While the international community focuses on the deteriorating security situation in Afghanistan, it is paying far too little attention to the storm brewing just beyond the country's northern borders, in Central Asia. That's a serious mistake. Instability in Afghanistan's neighborhood could further destabilize Afghanistan itself.
Central Asian countries are instrumental to the effort in Afghanistan. Uzbekistan, Kyrgyzstan and Tajikistan have provided space for NATO bases. The latter two countries form the foundation of the Central Asian South Asian Regional Energy Market project, providing hydroelectric power necessary for Afghanistan's economic recovery. Efforts to secure borders in the area are also key to successful drug interdiction.
Unfortunately, Western leaders have been willing to accept seemingly stable regimes that support their goals in Afghanistan rather than pressing hard for democratization of these states. The one exception is Uzbekistan, where Western engagement is still limited because of the regime's unwillingness to repudiate the shooting of unarmed civilians during civil unrest in Andijan in May 2005.
This is a problematic approach because there's a real danger the status quo won't hold. The Kyrgyz ousted former President Askar Akayev in 2005 after questionable parliamentary elections. Tajiks have held small-scale protests over living conditions this spring and summer, the first of any significance since that country's civil war ended in 1997, and an ominous sign of things to come.
Potent ingredients for political instability are already in place. Skyrocketing fuel costs and the global banking crisis have hit the region hard. A banking crisis in Kazakhstan, fueled by higher interest rates on international bank debt, has triggered a serious economic downturn, costing jobs both for Kazakhs and a large number of migrant laborers from neighboring states.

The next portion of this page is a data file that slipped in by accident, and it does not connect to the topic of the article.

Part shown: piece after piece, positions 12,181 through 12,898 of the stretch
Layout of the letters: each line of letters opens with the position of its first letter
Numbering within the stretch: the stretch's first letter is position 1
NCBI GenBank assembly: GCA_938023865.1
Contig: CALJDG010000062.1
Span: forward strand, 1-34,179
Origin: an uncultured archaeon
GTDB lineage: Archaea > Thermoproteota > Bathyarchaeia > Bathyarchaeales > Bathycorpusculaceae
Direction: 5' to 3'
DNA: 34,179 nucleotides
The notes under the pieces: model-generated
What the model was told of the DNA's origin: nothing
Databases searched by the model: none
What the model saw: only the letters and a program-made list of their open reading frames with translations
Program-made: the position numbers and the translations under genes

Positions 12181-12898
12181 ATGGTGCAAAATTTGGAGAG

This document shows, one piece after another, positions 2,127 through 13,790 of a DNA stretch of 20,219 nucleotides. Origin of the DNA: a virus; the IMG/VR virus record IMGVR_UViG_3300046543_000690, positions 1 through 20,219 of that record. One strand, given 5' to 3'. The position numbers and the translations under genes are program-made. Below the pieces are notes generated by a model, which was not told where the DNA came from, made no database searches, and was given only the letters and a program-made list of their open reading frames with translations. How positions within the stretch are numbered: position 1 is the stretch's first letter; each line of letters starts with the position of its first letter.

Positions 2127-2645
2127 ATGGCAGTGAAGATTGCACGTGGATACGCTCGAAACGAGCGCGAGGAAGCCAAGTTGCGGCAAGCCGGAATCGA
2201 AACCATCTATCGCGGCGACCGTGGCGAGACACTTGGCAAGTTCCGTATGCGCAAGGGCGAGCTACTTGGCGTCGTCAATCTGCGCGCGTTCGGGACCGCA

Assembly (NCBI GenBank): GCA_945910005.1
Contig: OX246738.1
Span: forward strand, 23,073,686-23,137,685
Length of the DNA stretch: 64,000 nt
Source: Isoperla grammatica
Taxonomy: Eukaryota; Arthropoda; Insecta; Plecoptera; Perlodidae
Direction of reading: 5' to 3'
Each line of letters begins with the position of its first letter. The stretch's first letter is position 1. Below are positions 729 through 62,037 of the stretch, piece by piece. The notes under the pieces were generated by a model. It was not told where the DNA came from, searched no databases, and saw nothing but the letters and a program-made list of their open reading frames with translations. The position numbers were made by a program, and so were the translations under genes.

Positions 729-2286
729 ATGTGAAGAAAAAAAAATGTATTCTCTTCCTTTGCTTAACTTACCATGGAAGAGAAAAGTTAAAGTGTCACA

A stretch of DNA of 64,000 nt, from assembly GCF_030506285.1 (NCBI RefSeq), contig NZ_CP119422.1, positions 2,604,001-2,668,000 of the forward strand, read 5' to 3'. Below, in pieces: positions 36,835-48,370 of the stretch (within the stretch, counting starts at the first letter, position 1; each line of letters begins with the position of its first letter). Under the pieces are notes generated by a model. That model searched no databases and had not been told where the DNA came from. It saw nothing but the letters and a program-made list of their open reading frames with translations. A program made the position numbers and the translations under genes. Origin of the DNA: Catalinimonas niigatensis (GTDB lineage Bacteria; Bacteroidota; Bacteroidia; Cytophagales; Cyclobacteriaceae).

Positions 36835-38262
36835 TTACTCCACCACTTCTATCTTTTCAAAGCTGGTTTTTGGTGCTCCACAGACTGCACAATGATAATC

The region is also suffering through a cyclical drought. Water levels in Central Asia's reservoirs are at record lows, with upstream providers (Tajikistan and Kyrgyzstan) holding back supplies to downstream users (Uzbekistan and Kazakhstan). Electricity cutbacks for fall and winter have already been announced. Hard-hit farmers, many of whom lost their food and seed stores during the winter, must now pay record prices for fuel and for seed. Many simply refused to plant and this summer's hot and dry summer means lower yields for those who did.
All of this carries regional implications. In 1989 and 1990, disputes over water and land led to fighting between Uzbeks and Kyrgyz in southern Kyrgyzstan, and between Tajiks and Kyrgyz along their border during the waning days of the Soviet Union. The Kazakhs and Uzbeks are long-standing rivals, as are the Uzbeks and Tajiks. Tensions between the latter came close to boiling over during the Tajik civil war, when Uzbek terrorists found safe haven in uncontrolled territories of Tajikistan. Even today there are no direct flights between the two national capitals, and the border between the two countries is still largely closed by Uzbekistan.
Turmoil in Central Asia could have deadly consequences in Afghanistan. Regime change in either Kyrgyzstan or Tajikistan, for instance, could affect those countries' willingness to host NATO bases. The mere weakening of existing governments would hamper international efforts to stem Afghanistan's drug trade, and could create new safe havens for terrorists. Kazakhstan's role as a regional leader has already been affected by its domestic economic downturn.
The U.S. and NATO need to adopt a genuinely regional recovery strategy. This must include a greater role for the Central Asian states themselves, as well as for Russia and China. The region needs food aid and focused technical assistance to create enhanced food security and encourage the use of renewable energy resources. Engaging Russia and China on these economic questions will not in any way compromise the NATO mission in Afghanistan, or U.S. and European Union hopes of an eventual democratic transition in the region.
In short, the needs of Afghanistan's neighbors must be granted the same consideration as those of Afghanistan itself, or the whole region risks becoming more unstable than it was before September 11.
This article first appeared in The Wall Street Journal Asia